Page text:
But yah I don't get the flu vaccine either.
Yes, that's true. But what I meant to say (didn't articulate very well :p) was that I was told that, just like the flu vaccine with humans, it may not even protect the dog from that "strain" of kennel cough. Rabies is rabies, but I was told that not all KC strains are equal (just like not all flu viruses are equal).

So when I say "if they are vaccinated with it they may still catch it", I mean that what they caught wasn't even what they were vaccinated for to begin with, because it is a different strain. See what I'm saying, or did that just come out as a big pile of mush? :eek:
 

GlassOnion

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#19
Naw I understand the concept, it's just that bacteria doesn't evolve as quickly as viruses, so the strain differentiation problem isn't quite so bad.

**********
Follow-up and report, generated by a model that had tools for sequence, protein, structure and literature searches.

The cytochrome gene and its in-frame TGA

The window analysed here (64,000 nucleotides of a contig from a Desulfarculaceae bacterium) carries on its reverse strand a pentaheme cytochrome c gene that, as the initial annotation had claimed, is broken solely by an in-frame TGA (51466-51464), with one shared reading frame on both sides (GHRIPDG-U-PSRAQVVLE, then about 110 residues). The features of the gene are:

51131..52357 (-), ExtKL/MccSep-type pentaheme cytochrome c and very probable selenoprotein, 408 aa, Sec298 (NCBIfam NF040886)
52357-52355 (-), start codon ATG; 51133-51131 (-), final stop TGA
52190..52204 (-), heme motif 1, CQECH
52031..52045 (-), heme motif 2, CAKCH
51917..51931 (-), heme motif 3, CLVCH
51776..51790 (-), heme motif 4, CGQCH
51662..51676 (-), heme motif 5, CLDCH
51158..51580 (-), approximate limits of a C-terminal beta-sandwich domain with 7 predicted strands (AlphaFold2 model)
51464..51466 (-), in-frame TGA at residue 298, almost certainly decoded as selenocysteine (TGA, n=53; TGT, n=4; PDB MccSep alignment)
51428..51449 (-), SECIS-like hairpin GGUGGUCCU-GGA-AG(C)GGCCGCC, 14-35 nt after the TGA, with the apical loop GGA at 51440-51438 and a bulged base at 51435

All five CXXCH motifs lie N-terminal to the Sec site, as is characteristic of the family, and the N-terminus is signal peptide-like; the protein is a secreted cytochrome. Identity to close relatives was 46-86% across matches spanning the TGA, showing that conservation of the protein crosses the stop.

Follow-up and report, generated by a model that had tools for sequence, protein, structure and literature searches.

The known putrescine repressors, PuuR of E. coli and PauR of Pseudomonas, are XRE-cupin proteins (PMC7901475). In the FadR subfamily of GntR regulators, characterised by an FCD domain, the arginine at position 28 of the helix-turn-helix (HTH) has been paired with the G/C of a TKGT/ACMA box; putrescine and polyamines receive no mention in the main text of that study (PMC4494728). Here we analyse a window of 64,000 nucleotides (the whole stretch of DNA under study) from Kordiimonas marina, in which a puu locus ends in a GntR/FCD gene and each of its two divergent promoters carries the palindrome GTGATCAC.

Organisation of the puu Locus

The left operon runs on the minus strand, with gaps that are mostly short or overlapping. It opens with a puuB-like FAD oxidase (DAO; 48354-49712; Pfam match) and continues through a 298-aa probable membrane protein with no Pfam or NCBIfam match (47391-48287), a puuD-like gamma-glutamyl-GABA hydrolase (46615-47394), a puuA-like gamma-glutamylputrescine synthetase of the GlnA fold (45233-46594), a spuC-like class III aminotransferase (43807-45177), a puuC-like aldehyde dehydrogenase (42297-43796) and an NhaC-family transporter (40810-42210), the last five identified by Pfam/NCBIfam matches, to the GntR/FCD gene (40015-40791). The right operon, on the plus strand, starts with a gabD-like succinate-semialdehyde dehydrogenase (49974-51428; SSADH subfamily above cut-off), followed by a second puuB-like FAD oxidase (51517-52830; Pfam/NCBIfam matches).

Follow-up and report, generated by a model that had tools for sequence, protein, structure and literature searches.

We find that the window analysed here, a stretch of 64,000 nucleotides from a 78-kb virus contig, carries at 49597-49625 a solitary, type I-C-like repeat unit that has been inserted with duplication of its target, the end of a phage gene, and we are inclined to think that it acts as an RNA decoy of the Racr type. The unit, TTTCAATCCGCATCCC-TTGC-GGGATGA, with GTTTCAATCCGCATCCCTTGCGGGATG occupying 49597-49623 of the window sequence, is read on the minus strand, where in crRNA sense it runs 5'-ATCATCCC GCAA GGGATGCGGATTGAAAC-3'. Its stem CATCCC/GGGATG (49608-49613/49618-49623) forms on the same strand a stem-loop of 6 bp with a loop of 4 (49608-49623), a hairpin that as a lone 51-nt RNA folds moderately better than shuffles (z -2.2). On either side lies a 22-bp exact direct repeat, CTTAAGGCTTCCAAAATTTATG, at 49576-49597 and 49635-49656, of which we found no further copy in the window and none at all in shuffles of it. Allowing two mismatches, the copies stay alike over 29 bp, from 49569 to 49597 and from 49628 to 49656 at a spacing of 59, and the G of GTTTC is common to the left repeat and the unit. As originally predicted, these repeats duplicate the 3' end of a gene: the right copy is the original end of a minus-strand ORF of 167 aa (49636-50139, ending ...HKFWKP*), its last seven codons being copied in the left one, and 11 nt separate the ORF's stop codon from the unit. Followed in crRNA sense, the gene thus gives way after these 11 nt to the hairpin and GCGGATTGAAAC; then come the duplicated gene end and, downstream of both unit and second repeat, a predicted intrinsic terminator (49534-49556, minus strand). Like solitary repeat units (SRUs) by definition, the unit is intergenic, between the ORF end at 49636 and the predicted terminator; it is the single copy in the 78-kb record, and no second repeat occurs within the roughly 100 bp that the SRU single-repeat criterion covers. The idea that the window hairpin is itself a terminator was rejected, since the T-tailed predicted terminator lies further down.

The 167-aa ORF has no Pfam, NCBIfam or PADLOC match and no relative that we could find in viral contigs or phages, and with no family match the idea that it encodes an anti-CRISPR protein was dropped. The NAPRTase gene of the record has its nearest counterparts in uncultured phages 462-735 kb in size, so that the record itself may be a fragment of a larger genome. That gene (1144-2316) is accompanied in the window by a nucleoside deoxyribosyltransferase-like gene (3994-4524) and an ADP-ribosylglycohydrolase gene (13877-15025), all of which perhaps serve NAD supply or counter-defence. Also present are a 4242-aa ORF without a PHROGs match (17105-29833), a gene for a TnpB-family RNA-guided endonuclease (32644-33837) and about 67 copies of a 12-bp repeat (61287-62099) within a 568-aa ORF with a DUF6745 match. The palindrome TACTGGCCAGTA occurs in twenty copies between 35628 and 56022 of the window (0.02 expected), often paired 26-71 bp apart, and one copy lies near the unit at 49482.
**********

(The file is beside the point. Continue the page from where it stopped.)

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#20
I do not give it. I have dealt with kennel cough in 2 out of my 6 dogs. Teeny was the worst, but only for one day, coughing and puking every hour for 24 hours. Teeny had been vaccinated against it, Isis (who also had it) had not been. But at the same time that those dogs that contracted it were dealing with kennel cough none of my other dogs had been vaccinated for it and didn't come down with it (as Teeny is the ONLY dog I've ever vaccinated for it).

My vet is very conservative with vaccines, and I appreciate that greatly.